Warren rips SEC amid GameStop surge, pushes for stricter Wall Street regulation

Warren rips SEC amid GameStop surge, pushes for stricter Wall Street regulation

January 29, 2021

GameStop collateral damage does not extend to the broader market: Expert

Federated Hermes CIO Stephen Auth says the GameStop big squeeze is not the ‘first time we’ve seen a get rich scheme’ and there is still a ‘buying opportunity’ in the broader market.

Sen. Elizabeth Warren lambasted the Securities and Exchange Commission for not cracking down on Wall Street as an astronomical surge in GameStop shares and other heavily shorted companies drove a week of frenzied trading.

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WHY GAMESTOP'S STOCK SURGE IS SHAKING WALL STREET

GameStop shares soared more than 900% at one point this week, a price surge so dramatic that TD Ameritrade, Robinhood and Charles Schwab placed restrictions on trading of the brick-and-mortar video game retailer. Shares dropped sharply on Thursday, falling close to 40%, but surged in after-hours trading after Robinhood — facing a public outcry — said it would allow some trading on Friday.

"To have a healthy stock market, you've got to have a cop on the beat," Warren, D-Mass., said during a Thursday interview with CNBC. "That should be the SEC. They've got to step up and do their job."

TickerSecurityLastChangeChange %
GMEGAMESTOP CORP193.60-153.91-44.29%
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Warren, a 2020 presidential candidate and a leading proponent of strict laws to rein in Wall Street and the private equity industry, called on the SEC to more tightly regulate the market. It's not just this week's frenzied trading — Warren said the bigger issue is the SEC's "inability and unwillingness" to address market manipulation.

She pointed to hedge funds and wealthy investors who turn the market "into a casino" by coming in and driving share prices up or down and turning a profit on it.

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GameStock has been popular in the Reddit forum "Wallstreetbets," where an army of at-home traders put their support behind the stock, betting that share prices would rise even as Wall Street short-sellers predicted the exact opposite. Short-sellers — who bet on stock's decline by selling shares they don't own — have lost billions this week.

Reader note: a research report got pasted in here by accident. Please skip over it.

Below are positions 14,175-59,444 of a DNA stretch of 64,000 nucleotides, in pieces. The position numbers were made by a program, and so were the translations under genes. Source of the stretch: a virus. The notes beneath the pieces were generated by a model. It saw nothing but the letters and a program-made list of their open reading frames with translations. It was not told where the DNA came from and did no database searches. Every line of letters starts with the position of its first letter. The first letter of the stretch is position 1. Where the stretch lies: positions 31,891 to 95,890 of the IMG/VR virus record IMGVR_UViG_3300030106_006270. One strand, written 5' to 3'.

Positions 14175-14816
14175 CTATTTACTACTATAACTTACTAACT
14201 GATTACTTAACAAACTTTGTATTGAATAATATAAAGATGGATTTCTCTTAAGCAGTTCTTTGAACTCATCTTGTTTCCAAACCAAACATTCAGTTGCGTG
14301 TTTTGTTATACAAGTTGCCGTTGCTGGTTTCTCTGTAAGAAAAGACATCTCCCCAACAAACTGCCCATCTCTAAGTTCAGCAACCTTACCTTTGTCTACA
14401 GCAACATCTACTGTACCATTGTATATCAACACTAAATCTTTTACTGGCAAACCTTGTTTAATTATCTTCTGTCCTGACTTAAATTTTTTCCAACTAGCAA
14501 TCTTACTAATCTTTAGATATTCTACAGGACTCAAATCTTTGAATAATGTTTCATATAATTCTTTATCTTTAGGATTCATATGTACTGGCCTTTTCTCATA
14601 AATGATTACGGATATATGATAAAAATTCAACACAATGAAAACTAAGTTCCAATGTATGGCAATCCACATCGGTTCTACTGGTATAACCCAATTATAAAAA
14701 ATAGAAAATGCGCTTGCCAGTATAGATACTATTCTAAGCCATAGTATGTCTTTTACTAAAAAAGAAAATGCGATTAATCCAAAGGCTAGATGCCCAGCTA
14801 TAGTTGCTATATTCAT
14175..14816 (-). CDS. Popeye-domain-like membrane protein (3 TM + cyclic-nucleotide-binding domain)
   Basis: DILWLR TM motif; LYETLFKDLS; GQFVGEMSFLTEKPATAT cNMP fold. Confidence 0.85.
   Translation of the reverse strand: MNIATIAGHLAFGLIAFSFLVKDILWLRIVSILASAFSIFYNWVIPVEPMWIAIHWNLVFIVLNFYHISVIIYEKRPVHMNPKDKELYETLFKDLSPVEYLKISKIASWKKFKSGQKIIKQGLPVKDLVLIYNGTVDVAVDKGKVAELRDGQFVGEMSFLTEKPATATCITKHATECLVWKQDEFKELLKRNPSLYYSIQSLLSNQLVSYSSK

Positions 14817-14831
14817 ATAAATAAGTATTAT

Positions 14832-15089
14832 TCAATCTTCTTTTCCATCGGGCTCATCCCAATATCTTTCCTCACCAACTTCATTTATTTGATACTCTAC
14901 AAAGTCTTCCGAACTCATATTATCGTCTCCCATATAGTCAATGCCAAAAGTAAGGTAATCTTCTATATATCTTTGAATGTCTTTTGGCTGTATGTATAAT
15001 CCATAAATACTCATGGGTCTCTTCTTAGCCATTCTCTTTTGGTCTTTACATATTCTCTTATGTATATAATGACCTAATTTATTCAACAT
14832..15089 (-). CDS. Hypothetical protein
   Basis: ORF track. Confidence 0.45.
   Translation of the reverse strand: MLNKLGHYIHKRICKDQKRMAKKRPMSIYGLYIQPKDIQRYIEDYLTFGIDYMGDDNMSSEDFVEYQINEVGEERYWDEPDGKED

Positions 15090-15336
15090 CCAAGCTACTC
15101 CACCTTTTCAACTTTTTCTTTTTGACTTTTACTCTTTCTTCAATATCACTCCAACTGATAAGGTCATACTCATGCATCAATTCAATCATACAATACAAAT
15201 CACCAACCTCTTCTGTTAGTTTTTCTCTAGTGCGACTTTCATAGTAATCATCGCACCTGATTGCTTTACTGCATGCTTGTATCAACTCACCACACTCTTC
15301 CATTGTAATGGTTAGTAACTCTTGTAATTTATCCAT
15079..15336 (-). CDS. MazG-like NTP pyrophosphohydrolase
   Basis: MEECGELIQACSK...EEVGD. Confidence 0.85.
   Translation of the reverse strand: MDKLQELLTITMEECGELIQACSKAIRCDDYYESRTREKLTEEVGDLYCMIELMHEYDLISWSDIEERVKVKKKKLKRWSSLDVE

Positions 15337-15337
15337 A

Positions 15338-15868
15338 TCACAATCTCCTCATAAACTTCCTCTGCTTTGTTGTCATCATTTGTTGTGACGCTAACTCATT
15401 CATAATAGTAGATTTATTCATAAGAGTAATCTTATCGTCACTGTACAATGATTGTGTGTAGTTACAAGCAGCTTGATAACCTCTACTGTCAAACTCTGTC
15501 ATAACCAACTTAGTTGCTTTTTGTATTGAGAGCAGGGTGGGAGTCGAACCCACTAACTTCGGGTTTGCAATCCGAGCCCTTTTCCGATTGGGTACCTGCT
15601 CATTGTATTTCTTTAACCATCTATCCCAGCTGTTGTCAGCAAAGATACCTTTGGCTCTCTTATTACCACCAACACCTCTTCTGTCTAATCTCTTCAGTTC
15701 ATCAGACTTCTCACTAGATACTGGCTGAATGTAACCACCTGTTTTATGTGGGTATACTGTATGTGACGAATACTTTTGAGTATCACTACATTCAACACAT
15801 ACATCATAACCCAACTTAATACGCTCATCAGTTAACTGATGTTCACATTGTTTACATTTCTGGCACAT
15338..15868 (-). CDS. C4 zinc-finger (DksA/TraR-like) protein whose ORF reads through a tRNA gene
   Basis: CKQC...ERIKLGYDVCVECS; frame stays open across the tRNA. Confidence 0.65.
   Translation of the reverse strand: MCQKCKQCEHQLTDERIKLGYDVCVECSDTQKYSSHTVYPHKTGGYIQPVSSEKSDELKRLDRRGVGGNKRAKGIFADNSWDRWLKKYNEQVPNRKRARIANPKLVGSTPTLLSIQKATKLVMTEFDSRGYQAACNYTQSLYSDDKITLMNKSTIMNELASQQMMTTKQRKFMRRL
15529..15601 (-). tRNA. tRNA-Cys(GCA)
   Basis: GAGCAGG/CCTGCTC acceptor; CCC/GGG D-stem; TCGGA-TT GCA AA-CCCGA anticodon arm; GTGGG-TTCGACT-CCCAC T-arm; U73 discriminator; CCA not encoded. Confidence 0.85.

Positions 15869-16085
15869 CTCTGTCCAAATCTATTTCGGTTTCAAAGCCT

But Warren said it's unclear "who's manipulating the stock at this point," and suggested there could be wealthy hedge funds on both sides, rather than the "David versus Goliath" narrative that pits renegade traders against billionaire hedge fund managers.

“This is why we need an SEC that has clear rules about market manipulation and then has the backbone to get in and enforce those rules,” she said. “To have a healthy stock market, you’ve got to have a cop on the beat.”

In a statement after the markets closed Wednesday, Allison Herren Lee, the SEC's acting chair, said the agency was "actively monitoring the on-going market volatility in the options and equities markets" and was working with regulators to "assess the situation and review the activities of regulated entities, financial intermediaries, and other market participants."

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Federal Reserve Chairman Jerome Powell, speaking during a scheduled news conference on Wednesday, declined to comment on the matter.

White House press secretary Jen Psaki told reporters during an afternoon briefing that Treasury Secretary Janet Yellen is monitoring the situation, adding that "the stock market is not the only measure of the health of our economy.” Psaki declined to address the issue on Thursday.

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